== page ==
Google is welcoming any app developer to become part of its Chromecast offering if they are willing to meet its terms. How many companies will take advantage of its invitation? Josh Wein, editor of FierceOnlineVideo, explores Chromecast's app potential in his latest Editor's Corner.
YouTube said it has started to audit the views that videos receive on its site to cut down on fraudulent traffic. The move could be a boon to advertisers that seek greater accuracy and reliability in online ad metrics.
Half a year after introducing the Chromecast, Google has thrown open the gates to its $35 HDMI dongle, giving any app developer who meets its terms of service access to the TV. That could mean a huge step forward for consumers' ability to watch online video on HDTV sets, and it certainly means a big step forward in the ability of independent app makers to reach viewers. But I wonder who will take Google up on its open invitation.
Chromecast may be getting some new content very soon now that Google has opened the software development kit (SDK) to all developers.
Samsung Electronics has publicly and privately invested a great deal of time, energy and money into supporting the mobile platform Tizen, but momentum for the software seems to be faltering. As noted by the Wall Street Journal, some of the world's largest carriers--including Sprint in the United States--are backing away or hedging their support for Tizen just as it appeared to be on the cusp of being commercially introduced.
Lenovo CEO Yang Yuanqing said he hopes the company's $2.91 billion purchase of Google's Motorola Mobile division will help it to pass smartphone market leaders Samsung Electronics and Apple, though he acknowledged that would take time.
Google CFO Patrick Pichette said that the company's sale of its Motorola Mobile business to Lenovo would be a "win-win" for the wider Android ecosystem and that Google will continue to support all of its Android partners.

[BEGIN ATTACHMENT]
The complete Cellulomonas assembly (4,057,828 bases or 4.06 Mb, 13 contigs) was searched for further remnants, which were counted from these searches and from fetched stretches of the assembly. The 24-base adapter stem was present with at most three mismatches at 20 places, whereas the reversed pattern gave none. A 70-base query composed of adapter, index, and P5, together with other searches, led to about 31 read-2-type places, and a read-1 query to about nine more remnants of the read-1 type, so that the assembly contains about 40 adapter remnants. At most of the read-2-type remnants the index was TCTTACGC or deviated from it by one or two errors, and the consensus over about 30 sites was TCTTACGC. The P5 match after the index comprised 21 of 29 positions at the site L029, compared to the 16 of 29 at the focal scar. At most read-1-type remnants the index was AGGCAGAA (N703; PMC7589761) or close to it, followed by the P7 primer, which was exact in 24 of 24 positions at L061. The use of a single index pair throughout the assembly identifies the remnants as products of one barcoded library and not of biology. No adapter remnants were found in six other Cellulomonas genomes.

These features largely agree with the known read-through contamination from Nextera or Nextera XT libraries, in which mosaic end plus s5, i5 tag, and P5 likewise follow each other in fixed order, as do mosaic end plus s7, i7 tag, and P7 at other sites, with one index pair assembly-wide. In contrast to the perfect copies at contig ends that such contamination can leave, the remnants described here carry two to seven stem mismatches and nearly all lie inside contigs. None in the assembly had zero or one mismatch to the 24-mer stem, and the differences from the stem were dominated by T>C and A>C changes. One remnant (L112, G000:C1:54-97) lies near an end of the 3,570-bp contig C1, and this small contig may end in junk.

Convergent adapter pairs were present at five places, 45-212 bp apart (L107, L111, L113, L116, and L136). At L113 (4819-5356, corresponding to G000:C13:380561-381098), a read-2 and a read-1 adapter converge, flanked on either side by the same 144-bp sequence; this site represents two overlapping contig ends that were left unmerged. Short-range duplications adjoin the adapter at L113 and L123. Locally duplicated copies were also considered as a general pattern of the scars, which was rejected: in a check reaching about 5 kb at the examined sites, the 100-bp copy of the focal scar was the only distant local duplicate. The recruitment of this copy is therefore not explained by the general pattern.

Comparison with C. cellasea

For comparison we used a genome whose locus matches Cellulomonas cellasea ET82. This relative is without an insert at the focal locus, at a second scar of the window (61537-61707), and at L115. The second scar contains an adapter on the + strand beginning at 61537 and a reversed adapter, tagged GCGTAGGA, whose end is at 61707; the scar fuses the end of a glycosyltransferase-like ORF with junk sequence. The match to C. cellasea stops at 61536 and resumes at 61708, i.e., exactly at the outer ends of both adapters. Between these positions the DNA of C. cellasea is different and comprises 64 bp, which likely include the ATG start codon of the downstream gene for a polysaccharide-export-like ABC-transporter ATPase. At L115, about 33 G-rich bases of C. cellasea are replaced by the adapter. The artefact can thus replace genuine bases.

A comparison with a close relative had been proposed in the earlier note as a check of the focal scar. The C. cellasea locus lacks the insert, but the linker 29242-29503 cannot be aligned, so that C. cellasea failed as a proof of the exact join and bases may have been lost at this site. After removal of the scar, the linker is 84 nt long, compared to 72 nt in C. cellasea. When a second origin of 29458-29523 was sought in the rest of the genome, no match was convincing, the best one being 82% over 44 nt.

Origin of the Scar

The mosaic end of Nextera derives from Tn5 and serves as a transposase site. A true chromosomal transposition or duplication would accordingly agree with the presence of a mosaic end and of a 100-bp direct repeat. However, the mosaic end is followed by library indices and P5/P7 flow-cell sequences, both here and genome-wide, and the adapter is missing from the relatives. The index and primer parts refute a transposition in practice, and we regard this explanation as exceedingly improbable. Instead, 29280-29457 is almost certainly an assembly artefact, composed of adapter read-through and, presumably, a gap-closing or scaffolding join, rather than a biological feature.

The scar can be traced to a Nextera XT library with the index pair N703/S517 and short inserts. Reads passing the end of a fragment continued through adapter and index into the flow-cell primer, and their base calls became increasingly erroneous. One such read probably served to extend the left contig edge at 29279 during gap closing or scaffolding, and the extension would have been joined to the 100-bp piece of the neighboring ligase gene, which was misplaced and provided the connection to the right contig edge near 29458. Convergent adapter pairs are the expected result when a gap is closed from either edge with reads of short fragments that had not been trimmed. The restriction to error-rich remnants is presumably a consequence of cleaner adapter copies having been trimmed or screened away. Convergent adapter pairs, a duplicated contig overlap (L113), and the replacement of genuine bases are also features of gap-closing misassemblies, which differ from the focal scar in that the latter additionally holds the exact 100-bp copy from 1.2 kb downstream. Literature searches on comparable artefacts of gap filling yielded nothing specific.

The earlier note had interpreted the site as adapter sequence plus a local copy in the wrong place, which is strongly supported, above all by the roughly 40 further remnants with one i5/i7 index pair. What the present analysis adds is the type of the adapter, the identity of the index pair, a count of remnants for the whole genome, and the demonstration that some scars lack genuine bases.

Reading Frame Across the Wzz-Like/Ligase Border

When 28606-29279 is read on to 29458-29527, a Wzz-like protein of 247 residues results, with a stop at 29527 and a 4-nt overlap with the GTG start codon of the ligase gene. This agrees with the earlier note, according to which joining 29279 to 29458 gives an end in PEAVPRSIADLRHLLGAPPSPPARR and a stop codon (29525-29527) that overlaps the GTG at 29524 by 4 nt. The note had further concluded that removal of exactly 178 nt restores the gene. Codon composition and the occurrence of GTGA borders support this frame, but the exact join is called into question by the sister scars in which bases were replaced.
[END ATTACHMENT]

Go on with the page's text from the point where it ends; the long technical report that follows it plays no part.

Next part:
Google's decision to sell its Motorola Mobile division to Lenovo for $2.91 billion represents a large financial loss for Google, but it likely means that Google is prepared to reduce tensions with its Android licensees, according to analysts. Additionally, analysts say the deal will catapult Lenovo into a stronger position in the smartphone market, putting pressure on both Apple and other Android players.
Google will sell its Motorola Mobile division to China's Lenovo for $2.91 billion, the companies announced. That price is far below the $12.4 billion Google paid for Motorola and its patents in 2011. However, Google said it will retain the "vast majority" of Motorola's patents as part of its deal with Lenovo. When Google purchased Motorola, the company said that fully $5.5 billion of the deal was based on the value of Motorola's trove of 17,000 wireless patents.
Google and Samsung Electronics forged a wide-ranging, patent-licensing deal that covers the companies' existing patent portfolios and all patents they will each file over the next 10 years. The move is likely a way for Google to cement cooperation with Samsung, which is the largest OEM making products that run Google's Android mobile platform.